Kiana Lowes (she/her), Civil Engineering and Society, is the founder and president of McMaster Engineers with Disabilities (MEwD) – the first club of its kind at the university. Drawing from her lived experience with autism and mental health challenges, Lowes created MEwD as a way of building community and improving collective advocacy for Engineering students who, she says, have historically been overlooked.
On International Day of Persons with Disabilities, an annual occasion to join together in support of people with disabilities in our community, Lowes describes MEwD’s beginnings, its current endeavours and what the club hopes to achieve with its motivated executive team.
What inspired you to start MEwD?
MEwD was born at the 2023 IDEA Conference. While there, I spoke with a friend about how astounding it was that there did not exist a group within the Faculty of Engineering to support students with disabilities. I went to the McMaster Engineering Society with my idea and did not expect to lead a team of students; I expected someone to adopt my plans.
Initially, I considered myself incapable of leading a group that is meant to be so impactful, and it made me anxious to think about the possibility of it failing. Since then, my team and I have become much more ambitious with our plans, and we hope to see MEwD thrive. I am incredibly proud of myself and the rest of my teammates for what we have done and will continue to do, and I am endlessly grateful for their work and dedication.
How is MEwD working to build community among students with disabilities?
MEwD hosts various events to bring students with disabilities together and provide them with a safe space to receive guidance and share their experiences. We have hosted collaboration events with McMaster EngiQueers and the Women in Engineering Society. In the future, we have plans to host events with Disability Innovations, Solutions and Awareness (DISA), a McMaster Student Union club, and Engineers without Borders. Additionally, we have a small but mighty mentorship program where students can receive guidance and mentorship from upper-year students or students with more experience with specific diagnoses or dealing with systemic issues.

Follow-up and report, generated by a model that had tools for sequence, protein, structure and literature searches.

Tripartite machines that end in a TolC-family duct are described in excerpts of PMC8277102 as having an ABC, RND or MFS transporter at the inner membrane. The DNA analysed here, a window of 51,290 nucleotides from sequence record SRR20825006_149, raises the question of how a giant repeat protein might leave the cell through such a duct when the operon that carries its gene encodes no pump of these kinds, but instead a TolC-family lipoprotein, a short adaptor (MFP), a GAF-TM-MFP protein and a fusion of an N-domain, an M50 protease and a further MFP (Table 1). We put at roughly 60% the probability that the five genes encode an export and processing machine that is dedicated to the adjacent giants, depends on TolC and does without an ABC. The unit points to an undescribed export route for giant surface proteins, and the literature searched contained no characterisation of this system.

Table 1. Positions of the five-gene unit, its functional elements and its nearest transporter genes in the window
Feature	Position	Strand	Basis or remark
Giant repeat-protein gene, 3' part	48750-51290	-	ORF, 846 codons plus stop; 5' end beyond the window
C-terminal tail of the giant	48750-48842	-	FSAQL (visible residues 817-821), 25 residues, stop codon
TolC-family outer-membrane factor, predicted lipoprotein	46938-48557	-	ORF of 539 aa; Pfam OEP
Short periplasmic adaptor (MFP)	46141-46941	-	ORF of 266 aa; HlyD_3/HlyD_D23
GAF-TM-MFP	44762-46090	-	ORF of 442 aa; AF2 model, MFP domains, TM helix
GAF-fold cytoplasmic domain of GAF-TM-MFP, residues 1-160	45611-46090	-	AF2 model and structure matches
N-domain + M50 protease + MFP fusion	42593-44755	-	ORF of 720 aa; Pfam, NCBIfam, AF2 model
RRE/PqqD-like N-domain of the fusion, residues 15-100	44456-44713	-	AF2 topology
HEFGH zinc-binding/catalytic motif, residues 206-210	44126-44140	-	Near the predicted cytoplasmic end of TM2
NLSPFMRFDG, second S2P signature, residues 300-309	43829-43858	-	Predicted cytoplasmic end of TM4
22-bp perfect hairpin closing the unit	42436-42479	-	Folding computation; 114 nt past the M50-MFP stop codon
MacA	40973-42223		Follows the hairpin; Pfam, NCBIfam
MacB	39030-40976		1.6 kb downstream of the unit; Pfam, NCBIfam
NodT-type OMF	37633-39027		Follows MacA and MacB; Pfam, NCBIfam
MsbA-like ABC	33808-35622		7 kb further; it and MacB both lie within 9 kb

In what ways can people with disabilities contribute to strengthening the field of engineering through diverse lived experiences?
Engineering is a field of study where our goal is to impact people’s lives positively. To properly understand what our clients need, diverse lived experiences are essential for providing different perspectives. Our contributions hold the same weight and validity as any other engineer’s.
How does the club promote a supportive and inclusive environment for students, both academically and socially?
One of the most critical ways that MEwD promotes a supportive and inclusive environment for students is by understanding that a person can identify as having a disability without having a diagnosis. Diagnoses can be time-consuming and expensive to obtain, and having a disability and not having the support you need can be physically and mentally exhausting. In terms of social inclusion, we try to make our events as accessible as possible with the resources that we have.
In what ways does MEwD collaborate with McMaster’s Student Accessibility Services (SAS) to increase impact for students?
The newly hired SAS Liaisons within the MEwD executive team are currently building a plan with the Director of SAS to bring more understanding to the specific needs of students with disabilities. There’s room for improvement to ensure students are well supported in having their accommodations actioned and aren’t expected to always advocate for themselves.
What legacy do you hope MEwD to have at McMaster?
I want the legacy that MEwD has to go far beyond just McMaster. I would like to play a part in the growth of other Engineers with Disabilities branches in other universities across the country. This may be ambitious, but giving students with disabilities a supportive environment to grow and thrive is incredibly important for their success in university and beyond.
What does membership in MEwD look like? How can students engage?
Students can become involved in a variety of ways! Our executive team is formed from students who applied and were interviewed for the positions they were interested in. Students not associated with the executive team are referred to as general members. They can become involved by giving input and feedback on our work, participating in our mentorship program, or coming out to our events! If you want to connect with us online, you can reach us at firstname.lastname@example.org or @mcmasterewd on Instagram.